Posted by David on October 07, 1997 at 00:48:00:
In Reply to: Re: More IRS Questions for the Wisconsin Senators posted by Two Cities on September 24, 1997 at 21:27:29:
: I read a document that alleges that the differences between public and private
: law may be part of the problem. In those instances where the public has an
: opportunity to participate voluntarily, they may avail themselves of the internal
: bylaws of private corporations, such as the Federal Reserve, at which time they have
: to comply, and perhaps assess.
: Volunteering with the Federal Reserve might occur by merely 'touching' their structure
: via a bank account, a bank note, a credit card, etc. thereby availing oneself of the
: benefit of private credit, for which a fee may be charged by the owner of the credit
: instrument. Possession never granted in terms of the 'money' represented by Federal
: Reserve Notes. And the income tax, being an excise tax, could be a private fee charged
: for the use of the benefit extended, and perhaps rightly so.
: Who can provide the legal status of US Postal Money Orders. They appear to be able to provide
: an interest free alternative, once launched into circulation. One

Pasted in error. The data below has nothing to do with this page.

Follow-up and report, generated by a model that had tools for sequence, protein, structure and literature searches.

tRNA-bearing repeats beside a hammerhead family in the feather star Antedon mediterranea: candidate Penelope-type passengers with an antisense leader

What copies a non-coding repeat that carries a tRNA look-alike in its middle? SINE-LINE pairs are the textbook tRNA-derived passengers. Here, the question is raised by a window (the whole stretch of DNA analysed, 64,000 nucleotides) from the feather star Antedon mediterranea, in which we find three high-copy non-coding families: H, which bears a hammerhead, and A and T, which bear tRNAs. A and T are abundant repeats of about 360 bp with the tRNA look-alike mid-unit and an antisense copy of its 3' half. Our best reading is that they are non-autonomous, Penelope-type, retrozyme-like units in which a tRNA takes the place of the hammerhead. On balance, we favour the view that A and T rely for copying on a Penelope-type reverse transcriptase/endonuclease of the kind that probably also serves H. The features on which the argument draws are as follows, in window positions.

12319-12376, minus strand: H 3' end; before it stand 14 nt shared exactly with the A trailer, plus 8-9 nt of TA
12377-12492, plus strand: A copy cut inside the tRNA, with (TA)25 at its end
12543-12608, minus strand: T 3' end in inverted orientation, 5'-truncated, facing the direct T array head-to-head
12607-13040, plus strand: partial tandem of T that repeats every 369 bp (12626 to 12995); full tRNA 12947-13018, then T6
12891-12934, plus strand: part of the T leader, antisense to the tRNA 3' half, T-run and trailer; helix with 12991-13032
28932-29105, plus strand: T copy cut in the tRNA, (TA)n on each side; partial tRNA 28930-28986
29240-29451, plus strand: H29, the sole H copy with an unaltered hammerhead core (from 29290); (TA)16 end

: local grocer said they would honor.
Let me ask you this then. When, between 1913 and
1933 everyone in this country was "suckered" into turning
in their silver and gold, for the "funny money" that we know use.
Just how do you propose that individuals,like myself and my wife,
who carry around sliver coins, to do business
with other of like mind, how would you explain tha should
I buy a cup of coffee for .65 cents, and pay for it with a silver
dollar, all I'll get back is worthless coins in the
amount of .35 cents. Thereby, i'm giving away
.35 cents in silver. This is the "money trap"as
I see it. If no one has silver or gold do do business
with then we, the people have no other chooice but to
comply with their "colorable money system."
Logical wouldn't you say.
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